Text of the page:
"Hell? I'll give you hell," my father once roared at my brother when he spied my sisters and I on our knees in the living room on the edge of accepting Jesus into our hearts. My father got in a few noisy thwaks with the flour-bin cap before my brother bounded out the side door, shielding his head with his Bible like he was protecting his hairdo from wet weather.
I thought I could go back to finding solace in TV reruns and fantasizing about being one of the 500 dead fiancees of the Cartwright brothers, but no such luck. This time there we were, my sisters and I, on our knees, having gotten pretty far down the road to redemption, and my father figured he had to debrief us by breaking out the big illustrated Children's Bible, the one in which Satan was permanently sunburned and Jesus looked like a honey-haired underwear model. Regardless of the beatings and the bellowing and the downright banishment of my brother's beliefs, my father didn't disapprove of Bible thumping in general. He disapproved of my brother's Bible thumping in particular because my father didn't want his grade-school daughters getting a God habit that would require him to drive us places like church and whatnot, which would've cut into his bar time at the local tavern.
"You got all the God you need right here in this book," my father told us, tapping the Children's Bible with the same thick finger he always used to flick us in the head when we bothered him. So there we had to stay, on our knees, while my father read random passages in his imitation James Earl Jones voice until my mother, the one true atheist in the family, saved us by handing him an opened Budweiser.
I was grateful. I don't like being on my knees. I remember accidentally ending up at some marathon Mass in England once, lured there by my best friend Laura, who was studying with me in the same Oxford college program that year. She told me we were just going to look at the interior of the cathedral because she was shocked I'd never seen one. I followed her inside like a bovine and suddenly we were filed into a pew and pinned all around by worshippers. Then the priest glided in all cloaked in sparkly curtains like a parade float with a pointy hat, and before I knew it we were spending the next 5,000 years doing knee-bends while the priest bellowed in some language only Beowulf could understand. "Fuck the hell out of you," I hissed at Laura as we herded ourselves out of the cathedral afterward. She laughed in response. "Don't you feel redeemed?"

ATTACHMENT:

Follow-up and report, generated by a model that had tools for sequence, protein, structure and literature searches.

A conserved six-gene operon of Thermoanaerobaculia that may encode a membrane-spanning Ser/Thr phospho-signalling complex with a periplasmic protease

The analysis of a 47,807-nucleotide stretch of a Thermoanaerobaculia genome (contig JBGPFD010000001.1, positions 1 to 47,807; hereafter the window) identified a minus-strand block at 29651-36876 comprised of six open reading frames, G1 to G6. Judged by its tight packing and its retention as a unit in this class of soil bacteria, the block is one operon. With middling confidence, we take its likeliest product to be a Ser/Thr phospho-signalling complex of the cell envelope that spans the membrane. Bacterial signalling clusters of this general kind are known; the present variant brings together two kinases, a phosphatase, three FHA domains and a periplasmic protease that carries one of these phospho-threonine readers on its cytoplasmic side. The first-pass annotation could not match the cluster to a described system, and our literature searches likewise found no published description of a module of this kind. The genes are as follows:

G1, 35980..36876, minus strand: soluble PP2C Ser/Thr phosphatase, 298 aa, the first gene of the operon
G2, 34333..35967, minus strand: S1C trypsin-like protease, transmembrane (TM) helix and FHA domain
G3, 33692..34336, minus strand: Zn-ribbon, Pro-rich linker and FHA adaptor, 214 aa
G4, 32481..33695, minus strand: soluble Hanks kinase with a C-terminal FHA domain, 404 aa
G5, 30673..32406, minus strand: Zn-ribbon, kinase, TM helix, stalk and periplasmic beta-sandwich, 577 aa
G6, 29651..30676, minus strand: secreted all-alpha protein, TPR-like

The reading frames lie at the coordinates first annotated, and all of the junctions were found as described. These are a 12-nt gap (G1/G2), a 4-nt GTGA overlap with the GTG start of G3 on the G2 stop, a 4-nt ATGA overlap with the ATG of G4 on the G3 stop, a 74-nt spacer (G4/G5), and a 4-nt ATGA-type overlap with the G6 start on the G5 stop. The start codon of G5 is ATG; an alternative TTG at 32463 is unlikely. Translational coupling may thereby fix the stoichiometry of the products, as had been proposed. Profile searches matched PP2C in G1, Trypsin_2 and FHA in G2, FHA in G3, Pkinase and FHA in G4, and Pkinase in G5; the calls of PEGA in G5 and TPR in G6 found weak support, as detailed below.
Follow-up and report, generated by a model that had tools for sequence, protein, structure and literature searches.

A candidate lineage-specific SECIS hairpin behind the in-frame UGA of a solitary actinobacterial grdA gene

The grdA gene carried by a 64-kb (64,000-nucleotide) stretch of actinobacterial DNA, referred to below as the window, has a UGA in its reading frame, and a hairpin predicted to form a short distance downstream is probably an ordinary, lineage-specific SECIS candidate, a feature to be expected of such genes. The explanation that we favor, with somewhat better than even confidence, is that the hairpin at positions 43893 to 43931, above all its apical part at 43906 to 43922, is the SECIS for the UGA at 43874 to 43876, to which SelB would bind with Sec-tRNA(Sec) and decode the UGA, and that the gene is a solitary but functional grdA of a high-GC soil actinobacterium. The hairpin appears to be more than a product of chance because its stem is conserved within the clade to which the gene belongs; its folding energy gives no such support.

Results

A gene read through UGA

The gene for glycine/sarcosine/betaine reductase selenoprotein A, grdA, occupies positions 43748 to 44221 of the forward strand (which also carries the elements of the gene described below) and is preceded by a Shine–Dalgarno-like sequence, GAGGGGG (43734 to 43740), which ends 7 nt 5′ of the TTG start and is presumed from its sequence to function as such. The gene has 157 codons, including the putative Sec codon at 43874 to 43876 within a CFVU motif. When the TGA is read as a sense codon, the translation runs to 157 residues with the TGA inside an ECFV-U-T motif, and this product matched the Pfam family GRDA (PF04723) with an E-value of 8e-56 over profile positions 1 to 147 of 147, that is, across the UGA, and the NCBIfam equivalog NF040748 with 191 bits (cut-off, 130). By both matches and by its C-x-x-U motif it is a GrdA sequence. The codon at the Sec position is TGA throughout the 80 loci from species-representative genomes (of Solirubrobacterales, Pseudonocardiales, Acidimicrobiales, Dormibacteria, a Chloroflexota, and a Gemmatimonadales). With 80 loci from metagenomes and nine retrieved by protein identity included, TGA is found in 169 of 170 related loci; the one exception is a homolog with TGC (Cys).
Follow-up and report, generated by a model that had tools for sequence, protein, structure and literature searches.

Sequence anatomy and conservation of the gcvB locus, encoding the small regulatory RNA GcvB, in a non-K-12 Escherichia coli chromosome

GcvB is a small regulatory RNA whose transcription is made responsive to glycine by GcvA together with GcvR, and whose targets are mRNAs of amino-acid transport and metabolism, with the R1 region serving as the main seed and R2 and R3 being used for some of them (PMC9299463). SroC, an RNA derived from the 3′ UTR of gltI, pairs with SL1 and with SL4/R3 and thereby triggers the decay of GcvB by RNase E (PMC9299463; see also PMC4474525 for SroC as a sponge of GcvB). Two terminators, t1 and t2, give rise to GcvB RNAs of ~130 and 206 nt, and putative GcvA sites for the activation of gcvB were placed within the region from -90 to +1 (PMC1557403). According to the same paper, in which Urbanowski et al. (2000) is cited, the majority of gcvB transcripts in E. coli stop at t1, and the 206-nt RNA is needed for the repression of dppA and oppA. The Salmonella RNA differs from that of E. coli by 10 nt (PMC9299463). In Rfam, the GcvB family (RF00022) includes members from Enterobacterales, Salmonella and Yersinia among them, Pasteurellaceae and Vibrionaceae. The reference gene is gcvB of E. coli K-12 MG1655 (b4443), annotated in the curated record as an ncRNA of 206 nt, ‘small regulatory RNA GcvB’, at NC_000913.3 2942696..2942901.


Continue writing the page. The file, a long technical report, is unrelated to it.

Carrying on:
Not really. It was a spring day in England, uncharacteristically warm, and the afternoon had been wasted while I'd been trapped under a dome of stained glass. This made me late meeting other friends at a pub, so I took a shortcut through a meadow that, I swear, the week prior had been little more than a field of mud. In that time, though, it had bloomed to a level of luster that rivaled paradise. And I didn't even see it at first. I was too busy blindly hurrying, as if there was actually a point to my arrival at wherever I was expected, when something caught my eye.
Is that a damn pony? I chuckled. Oh, my god, there was a pony grazing not 10 yards away. The sight was simultaneously so sophomoric and so beautiful that I geared myself to laugh again, but when I opened my mouth a sob came out instead. A sob so deep it must have started somewhere in the back of my unsaved soul and gathered momentum over the years until it finally burst free, bringing every thread that made up the cynical mess of my life together right then, just for a second, to reveal the unfathomable beauty of the world. And for that second I knew I was young, and I knew neither would last, not the beauty before me nor the beauty within me, and suddenly I felt so fraught with longing right then, and overwhelmed at having survived the complete car wreck of my life in order to be here, in this meadow in the middle of Oxford where ponies roam in the glow of a rare British sunset. It utterly defeated me, or it redeemed me, it doesn't matter, as both occasions are marked by falling to your knees.